Dornach was the then centre of Rudolf Steiner’s work world-wide which is where I rediscovered Eurythmy. But, as a sleepy hollow, Dornach was not the place for me to fully understand and undertake the level of training I desired and I was encouraged to relocate to Stuttgart and study, under the tutelage of Else Klink, at the Eurthymeum. And so I arrived finally at the destination of what has become my life’s work; my mission; my calling.
Else Klink was the most lively enigmatic person I had ever met. She radiated with a glow that epitomized the depth and meaning of Eurythmy; an exuberance that exemplified the importance of speaking though movement. She saw in me what I could not, she was able to look through my skin into my passion and to help me see what I was unable to. What Else was able to show me was how to take my gift to the wider world and to carry on from her the soul and the spiritual attainment of Eurythmy.
I was unsure of her confidence in my potential as a Eurythmist, and I could have just as easily “up and left” the Eurythmeum and continue on my life’s path to where ever it may have taken me. However, there was a another spiritual grounding at Stuttgart that captured my senses and became the reason for completing my eurythmy training.
Whilst at Stuttgart I met my future wife, Friederike Heinsdorff with whom I went on to collaborate and perform over the ensuing decades. When I first laid eyes her I was enchanted by her movement. It is safe to say that had I not met Friederike I could not have developed my skills to the level I have arrived at. Here was a fellow artist with whom to flourish. And on completing our training, graduating in 1990, we returned to Australia and founded the Wander-Light Eurythmy Company.
The company toured schools around Australia and New Zealand from Cairns to Hobart, Perth to Auckland often with evening shows for the parents too. In between times we were invited to live and work in Moscow, Russia, giving courses and performing. Following this we separated for a short while which led me to giving eurythmy sessions, as a consultant, with a large company in Cologne, Germany.
On reuniting Friederike and I returned to Australia and settled in Castlemaine, Victoria. There followed our most creative period touring nationally four times covering Brothers Grimm and other fairytales including: Rumpelstiltskin; the Fisherman and his Wife; Jorinda and Jorindel among many others. These shows were produced with children and adults in mind and were performed in both theatre and in schools.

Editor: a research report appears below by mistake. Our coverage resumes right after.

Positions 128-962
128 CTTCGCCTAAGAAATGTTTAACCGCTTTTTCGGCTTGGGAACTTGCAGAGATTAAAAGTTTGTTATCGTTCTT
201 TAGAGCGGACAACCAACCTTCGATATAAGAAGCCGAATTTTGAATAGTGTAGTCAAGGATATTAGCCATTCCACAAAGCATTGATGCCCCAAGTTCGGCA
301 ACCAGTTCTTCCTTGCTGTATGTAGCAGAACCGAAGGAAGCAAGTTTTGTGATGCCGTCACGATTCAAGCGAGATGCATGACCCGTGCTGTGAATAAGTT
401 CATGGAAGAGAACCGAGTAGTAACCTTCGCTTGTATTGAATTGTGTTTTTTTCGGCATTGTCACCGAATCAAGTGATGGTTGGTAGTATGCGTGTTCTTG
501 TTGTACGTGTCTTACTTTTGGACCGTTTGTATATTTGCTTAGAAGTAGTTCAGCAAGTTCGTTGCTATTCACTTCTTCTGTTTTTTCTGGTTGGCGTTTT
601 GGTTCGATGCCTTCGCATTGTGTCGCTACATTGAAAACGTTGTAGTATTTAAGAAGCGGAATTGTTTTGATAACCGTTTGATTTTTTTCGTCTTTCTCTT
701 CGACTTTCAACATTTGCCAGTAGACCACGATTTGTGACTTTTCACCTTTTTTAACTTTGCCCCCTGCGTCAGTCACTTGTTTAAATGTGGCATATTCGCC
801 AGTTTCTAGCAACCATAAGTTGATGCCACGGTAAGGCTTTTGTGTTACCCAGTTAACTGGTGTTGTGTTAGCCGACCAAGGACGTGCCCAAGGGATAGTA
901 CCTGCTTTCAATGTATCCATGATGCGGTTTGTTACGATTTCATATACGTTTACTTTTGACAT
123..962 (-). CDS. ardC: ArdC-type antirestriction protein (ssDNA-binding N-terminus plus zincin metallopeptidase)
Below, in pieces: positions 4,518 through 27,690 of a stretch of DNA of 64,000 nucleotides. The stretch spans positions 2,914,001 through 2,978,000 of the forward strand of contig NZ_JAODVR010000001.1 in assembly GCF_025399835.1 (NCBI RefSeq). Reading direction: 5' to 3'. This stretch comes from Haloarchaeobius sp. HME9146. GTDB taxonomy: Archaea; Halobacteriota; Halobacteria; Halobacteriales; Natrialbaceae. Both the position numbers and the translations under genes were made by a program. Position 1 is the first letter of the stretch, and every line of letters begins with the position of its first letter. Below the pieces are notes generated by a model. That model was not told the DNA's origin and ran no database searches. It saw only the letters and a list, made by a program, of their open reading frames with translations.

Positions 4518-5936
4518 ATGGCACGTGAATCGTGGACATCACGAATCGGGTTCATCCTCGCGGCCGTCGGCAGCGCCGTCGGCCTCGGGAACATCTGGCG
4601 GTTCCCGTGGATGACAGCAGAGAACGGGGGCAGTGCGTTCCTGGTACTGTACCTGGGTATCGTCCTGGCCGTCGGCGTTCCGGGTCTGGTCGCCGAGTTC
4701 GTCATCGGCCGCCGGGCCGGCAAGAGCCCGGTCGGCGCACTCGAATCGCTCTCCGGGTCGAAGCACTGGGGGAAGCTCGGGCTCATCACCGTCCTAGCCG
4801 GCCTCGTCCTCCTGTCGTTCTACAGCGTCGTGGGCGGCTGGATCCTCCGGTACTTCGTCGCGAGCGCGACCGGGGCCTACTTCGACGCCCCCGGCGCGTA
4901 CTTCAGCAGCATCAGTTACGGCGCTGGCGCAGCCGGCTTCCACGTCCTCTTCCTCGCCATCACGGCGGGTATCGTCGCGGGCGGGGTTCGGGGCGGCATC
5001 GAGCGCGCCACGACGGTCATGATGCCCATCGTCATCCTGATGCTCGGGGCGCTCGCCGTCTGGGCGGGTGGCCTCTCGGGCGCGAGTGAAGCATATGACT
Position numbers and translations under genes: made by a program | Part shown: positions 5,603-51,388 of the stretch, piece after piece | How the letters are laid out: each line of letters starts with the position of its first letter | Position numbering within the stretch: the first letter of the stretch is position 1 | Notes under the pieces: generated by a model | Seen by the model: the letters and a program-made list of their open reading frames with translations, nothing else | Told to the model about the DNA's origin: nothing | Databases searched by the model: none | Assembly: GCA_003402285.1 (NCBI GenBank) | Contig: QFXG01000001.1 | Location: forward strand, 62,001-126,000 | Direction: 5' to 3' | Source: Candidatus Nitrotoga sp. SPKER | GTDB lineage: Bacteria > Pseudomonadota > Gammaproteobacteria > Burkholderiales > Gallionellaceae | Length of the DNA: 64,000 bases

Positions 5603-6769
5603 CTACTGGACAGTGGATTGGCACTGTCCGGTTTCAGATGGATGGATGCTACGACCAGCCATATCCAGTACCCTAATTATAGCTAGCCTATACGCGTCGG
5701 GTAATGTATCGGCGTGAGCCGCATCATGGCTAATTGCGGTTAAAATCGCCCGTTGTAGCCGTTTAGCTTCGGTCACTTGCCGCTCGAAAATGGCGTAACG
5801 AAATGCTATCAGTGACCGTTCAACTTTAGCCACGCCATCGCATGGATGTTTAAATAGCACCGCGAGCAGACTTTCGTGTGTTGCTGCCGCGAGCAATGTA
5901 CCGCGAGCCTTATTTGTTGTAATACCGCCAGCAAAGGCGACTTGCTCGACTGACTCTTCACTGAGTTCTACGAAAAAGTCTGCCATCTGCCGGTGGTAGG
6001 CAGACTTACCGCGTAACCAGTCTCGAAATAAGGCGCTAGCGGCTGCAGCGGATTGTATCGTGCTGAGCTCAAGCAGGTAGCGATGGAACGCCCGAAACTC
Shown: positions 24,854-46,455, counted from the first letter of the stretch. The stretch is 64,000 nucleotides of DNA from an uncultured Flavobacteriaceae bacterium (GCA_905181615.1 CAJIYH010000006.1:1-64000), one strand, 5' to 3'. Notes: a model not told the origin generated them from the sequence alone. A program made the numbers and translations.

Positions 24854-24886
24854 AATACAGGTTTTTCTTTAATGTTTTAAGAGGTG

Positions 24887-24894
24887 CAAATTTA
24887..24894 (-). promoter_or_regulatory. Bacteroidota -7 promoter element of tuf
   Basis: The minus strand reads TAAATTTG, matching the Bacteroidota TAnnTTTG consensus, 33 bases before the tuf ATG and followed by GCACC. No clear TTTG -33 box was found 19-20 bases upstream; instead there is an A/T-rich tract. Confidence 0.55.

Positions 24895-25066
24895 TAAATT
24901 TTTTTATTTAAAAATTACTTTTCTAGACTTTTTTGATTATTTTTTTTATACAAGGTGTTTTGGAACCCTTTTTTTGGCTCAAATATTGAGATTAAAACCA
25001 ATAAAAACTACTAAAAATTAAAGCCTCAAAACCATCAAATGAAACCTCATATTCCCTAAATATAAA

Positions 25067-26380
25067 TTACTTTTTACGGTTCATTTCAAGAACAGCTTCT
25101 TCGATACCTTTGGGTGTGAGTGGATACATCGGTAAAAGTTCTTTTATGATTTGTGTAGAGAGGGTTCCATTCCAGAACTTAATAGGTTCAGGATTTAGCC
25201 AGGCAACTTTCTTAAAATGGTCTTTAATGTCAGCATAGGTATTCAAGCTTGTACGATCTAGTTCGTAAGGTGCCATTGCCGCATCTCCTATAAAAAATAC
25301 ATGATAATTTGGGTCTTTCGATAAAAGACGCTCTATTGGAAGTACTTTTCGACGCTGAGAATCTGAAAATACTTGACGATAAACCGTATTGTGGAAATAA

In this period I was working on adaptations of 3 Shakspearian classics — Hamlet, Lear and Richard III, and followed with T. S. Eliot’s “Four Quartets”, which became my major works. They were collaborative works between myself, the great Australian actor Reg Evans, my wife Friederike (and later Melbourne’s Dennis Coard). Reg had one of the finest speaking voices I had ever heard and Friederike crafted some of the most incredible costumes imaginable for these shows. They toured nationally at some of the most illustrious theatres and venues, including Melbourne’s Athenaeum Theatre and at Montsalvat in Eltham, to Melbourne’s woody east.
These productions consumed a lot of time and energy ranging from 18 months each to 3 ½ years for the Four Quartets to choreograph, rehearse and stage and they are the centerpiece of my life’s work.
So after years of learning, performing, educating and inspiring my work has now transitioned from my eurythmy-in-the-workplace impulse into the Social Art. Social Renewal remains my central thesis which has manifested into film for DVD, YouTube and other internet portals. But more my focus is on our situation between mental illness and expression — YOU ARE THE CLOUD.
Eurythmy is expression via the body, we become a larynx. Larynxes talk, engage.